First Trust proposes new Bitcoin ETF amid SEC’s evolving crypto approach

Illinois-based First Trust recently submitted Form N1-A to the US Securities and Exchange Commission. This signals their plan to launch a crypto-backed exchange-traded fund named First Trust Bitcoin Buffer ETF.

Unlike expected spot Bitcoin ETFs, this fund will track the Grayscale Bitcoin Trust or similar products. It aims to mimic Bitcoin’s performance, offering indirect exposure to the leading cryptocurrency.

The “buffer” aspect of the ETF is a notable innovation. It’s designed to protect investors from up to 30 percent of losses in the underlying exchange-traded product (ETP). This feature is unique to buffer ETFs, also known as “defined-outcome ETFs.” These ETFs differ from traditional ones by limiting growth potential in exchange for downside protection.

First Trust, a firm with a 32-year history in financial services, has been focusing on ETFs, investment trusts and mutual funds. Their move towards a Bitcoin ETF marks another significant step for legacy financial institutions into the crypto market.

Bloomberg’s ETF analyst James Seyffart commented on the First Trust Bitcoin Buffer ETF. He described it as a unique strategy in the ongoing dialogue with the SEC, led by Gary Gensler. Seyffart anticipates more Bitcoin ETF applicants adopting similar strategies soon.

SEC’s new approach

Meanwhile, SEC Chair Gary Gensler noted a new approach towards Bitcoin ETF filings. During a CNBC interview, Gensler discussed past rejections of Bitcoin ETF applications. He mentioned that recent court decisions in DC have influenced their approach, hinting at a possible shift in the SEC’s stance. This could mean a greater openness towards approving a Bitcoin ETF.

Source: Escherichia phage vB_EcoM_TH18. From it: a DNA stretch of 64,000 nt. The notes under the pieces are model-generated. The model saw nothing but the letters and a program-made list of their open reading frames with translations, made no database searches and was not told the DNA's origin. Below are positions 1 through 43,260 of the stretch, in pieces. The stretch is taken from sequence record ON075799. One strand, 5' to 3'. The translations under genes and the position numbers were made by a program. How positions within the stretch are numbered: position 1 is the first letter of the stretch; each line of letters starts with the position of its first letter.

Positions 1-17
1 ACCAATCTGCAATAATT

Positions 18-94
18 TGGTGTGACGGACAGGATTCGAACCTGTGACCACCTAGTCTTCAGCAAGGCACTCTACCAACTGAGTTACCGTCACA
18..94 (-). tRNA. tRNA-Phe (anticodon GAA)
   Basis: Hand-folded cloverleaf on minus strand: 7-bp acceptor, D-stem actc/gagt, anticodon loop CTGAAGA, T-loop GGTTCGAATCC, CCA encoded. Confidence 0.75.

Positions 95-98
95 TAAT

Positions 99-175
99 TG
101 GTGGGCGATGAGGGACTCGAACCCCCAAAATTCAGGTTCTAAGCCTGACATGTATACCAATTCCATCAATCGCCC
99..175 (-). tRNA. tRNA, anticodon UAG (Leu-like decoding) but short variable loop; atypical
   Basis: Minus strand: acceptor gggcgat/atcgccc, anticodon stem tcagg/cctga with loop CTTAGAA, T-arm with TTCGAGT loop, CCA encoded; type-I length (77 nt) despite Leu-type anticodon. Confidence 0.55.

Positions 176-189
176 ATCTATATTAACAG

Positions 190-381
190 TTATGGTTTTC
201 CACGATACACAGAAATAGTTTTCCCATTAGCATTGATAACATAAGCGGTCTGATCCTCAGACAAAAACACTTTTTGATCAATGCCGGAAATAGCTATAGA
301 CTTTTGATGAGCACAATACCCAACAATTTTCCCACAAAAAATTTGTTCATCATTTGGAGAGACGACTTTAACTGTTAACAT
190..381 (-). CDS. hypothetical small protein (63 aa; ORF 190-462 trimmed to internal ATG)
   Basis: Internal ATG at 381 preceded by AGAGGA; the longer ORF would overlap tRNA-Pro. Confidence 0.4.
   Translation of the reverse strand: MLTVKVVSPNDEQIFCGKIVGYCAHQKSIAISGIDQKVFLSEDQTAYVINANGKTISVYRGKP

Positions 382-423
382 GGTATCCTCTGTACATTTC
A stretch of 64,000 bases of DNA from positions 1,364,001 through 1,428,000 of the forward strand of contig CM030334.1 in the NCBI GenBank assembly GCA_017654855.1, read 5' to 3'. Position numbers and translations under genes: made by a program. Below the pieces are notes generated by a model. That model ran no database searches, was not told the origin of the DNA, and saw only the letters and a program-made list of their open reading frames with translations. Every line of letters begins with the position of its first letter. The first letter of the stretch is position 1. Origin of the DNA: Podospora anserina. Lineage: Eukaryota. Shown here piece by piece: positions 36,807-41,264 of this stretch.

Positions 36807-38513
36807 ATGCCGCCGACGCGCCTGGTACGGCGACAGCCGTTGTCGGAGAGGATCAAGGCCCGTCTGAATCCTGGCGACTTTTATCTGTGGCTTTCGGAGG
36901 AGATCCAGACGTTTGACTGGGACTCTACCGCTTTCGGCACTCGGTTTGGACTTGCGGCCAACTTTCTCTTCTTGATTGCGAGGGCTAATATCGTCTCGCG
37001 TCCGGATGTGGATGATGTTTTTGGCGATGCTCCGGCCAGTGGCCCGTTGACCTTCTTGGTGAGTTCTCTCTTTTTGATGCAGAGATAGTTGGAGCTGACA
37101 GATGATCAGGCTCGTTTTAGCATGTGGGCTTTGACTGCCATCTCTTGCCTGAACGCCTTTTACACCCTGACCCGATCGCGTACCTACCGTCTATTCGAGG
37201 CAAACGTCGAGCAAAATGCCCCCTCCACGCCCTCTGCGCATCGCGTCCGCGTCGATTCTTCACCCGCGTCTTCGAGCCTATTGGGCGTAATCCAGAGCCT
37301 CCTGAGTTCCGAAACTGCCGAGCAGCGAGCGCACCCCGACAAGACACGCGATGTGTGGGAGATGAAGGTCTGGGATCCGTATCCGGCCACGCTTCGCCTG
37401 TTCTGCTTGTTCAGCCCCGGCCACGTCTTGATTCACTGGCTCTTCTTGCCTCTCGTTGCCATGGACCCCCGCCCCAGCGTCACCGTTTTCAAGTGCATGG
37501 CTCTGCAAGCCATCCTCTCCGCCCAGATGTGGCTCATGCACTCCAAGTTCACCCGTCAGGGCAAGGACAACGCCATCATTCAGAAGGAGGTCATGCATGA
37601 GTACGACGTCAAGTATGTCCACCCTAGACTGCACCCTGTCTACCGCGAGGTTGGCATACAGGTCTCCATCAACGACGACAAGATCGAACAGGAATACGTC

Such a change by the SEC would have significant effects. An approved Bitcoin ETF would offer a more regulated and straightforward way for both institutional and retail investors to invest in Bitcoin. This bypasses the complexities of direct cryptocurrency ownership, like managing wallets and security risks.

Gensler also addressed the issue of fraud and compliance problems in the crypto sector. He highlighted the rampant fraud and noncompliance with securities laws and anti-money laundering regulations.

Despite these challenges, Gensler’s recent statements about re-evaluating Bitcoin ETFs suggest a potential shift in cryptocurrency regulation. The SEC is currently reviewing 10 to 12 spot Bitcoin ETF applications. A decision on spot Bitcoin ETFs is expected between January 10 and 15, 2024.

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